Anemia remains a serious public health problem at a global scale, especially in developing countries, where it affects a fairly high percentage of biologically vulnerable groups such as children. Iron deficiency has been identified as the most common cause of anemia but the proportions are not fully yet established as they vary depending on age, gender, socioeconomic conditions and the prevalence of other causes of anemia.(1-3)

Iron is an immunomodulating nutrient involved in different processes of humoral and cellular immunity. The range of activities involving this micro-nutrient makes it essential for an integral immune system. Consequently, during infection the demand for this mineral increases, thus aggravating the patient's iron status.(4,5)

During infectious processes, changes in the serum concentrations of certain proteins, the so-called acute phase proteins (APP) including C-reactive protein (CRP), occur.(6,7) The CRP plasma concentration increases rapidly within about 10 hours of the onset of an acute inflammation and so this is an important indicator of subclinical infection.(6)

Moreover, there is a drop in available iron for the synthesis of hemoglobin during infectious processes because of the retention of intracellular iron such as ferritin, and decreased blood transport of iron due to reduced concentrations of the enzyme involved in transporting the mineral (transferrin).(8-10) Thus, changes in the functions of transport and storage are also factors that explain a reduction in the concentrations of iron during infections.(6,8-10) These changes can occur within the first hours of the infectious process.(6)

It is also noteworthy that infectious processes can cause an increased production of hepcidin by hepatocytes, leading the individual to acondition of hypoferremia limiting iron availability for erythropoiesis and contributing to the development of anemia.(11)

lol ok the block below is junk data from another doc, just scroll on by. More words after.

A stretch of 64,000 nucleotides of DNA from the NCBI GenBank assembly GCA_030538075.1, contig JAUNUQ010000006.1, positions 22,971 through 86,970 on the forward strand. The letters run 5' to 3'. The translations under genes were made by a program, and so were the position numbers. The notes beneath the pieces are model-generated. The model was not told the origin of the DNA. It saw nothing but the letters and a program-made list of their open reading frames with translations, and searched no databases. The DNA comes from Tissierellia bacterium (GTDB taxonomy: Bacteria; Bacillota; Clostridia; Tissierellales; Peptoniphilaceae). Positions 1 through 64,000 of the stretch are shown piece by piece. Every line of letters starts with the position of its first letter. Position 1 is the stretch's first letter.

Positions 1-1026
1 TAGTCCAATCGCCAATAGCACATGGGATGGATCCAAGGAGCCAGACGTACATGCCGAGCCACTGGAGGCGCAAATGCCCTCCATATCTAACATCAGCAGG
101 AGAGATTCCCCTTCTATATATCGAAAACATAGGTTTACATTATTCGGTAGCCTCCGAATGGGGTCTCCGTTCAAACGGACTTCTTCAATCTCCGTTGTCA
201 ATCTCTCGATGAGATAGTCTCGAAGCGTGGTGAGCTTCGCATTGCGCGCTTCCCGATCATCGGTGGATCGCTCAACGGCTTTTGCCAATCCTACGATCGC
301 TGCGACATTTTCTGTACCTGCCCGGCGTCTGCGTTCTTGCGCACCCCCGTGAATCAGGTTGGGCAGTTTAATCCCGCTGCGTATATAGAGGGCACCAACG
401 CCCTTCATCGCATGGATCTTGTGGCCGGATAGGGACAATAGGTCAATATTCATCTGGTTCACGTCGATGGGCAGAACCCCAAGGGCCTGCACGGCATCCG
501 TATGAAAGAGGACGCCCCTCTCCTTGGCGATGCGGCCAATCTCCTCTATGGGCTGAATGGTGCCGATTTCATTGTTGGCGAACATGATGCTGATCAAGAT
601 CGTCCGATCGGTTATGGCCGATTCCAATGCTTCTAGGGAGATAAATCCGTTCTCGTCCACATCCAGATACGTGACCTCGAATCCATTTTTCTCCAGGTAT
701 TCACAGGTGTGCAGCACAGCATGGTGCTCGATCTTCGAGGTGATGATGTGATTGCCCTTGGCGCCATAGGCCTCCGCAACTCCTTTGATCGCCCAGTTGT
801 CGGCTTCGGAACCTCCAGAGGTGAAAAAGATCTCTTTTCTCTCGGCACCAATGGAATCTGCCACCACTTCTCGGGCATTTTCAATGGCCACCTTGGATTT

Therefore, the presence of even subclinical infection is a variable that may cause an overestimation of iron-deficiency anemia, especially in populations where infection rates are often high. Hence, the impact of infections is greater in children than adults as the child population is more susceptible to infectious diseases. Many studies do not consider the fact that subclinical infections can lead to a misinterpretation of nutritional status and that significant changes in immunological markers can be observed in apparently healthy children.(12)

Although an association between subclinical infection and a deficit in the hemoglobin (Hb) blood concentrations has been established, works on this subject in Brazil are scarce. Thus, the interest in contributing to national data on this issue prompted this study which aimed to evaluate the association between subclinical infection and anemia in children in Paraíba State.

Methods

This study is part of a wider research project developed in Paraíba State in the period from January to April 2007. One of the objectives of this study was to estimate the prevalence of anemia in the state. This cross-sectional study was designed to evaluate the association between subclinical infections, determined by CRP levels and Hb concentrations in 6 to 59-month-old children.

The children were randomly selected according to multiple-step sampling. For this selection, the populations of the municipalities of the state were estimated from the data published by the Brazilian Institute of Geography and Statistics (IBGE) for 2006. Subsequently, we carried out a survey of the number of 6 to 59-month-old children (15% of the population) with their accumulated populations living in urban areas. After calculating the sampling interval, we proceeded to randomize the municipalities, the census tract, households and children. Nine towns were randomly included in the study: Conceição, Belém do Brejo do Cruz, Boa Ventura, Pedra Branca, São José de Espinharas, Malta, Patos, João Pessoa and Campina Grande.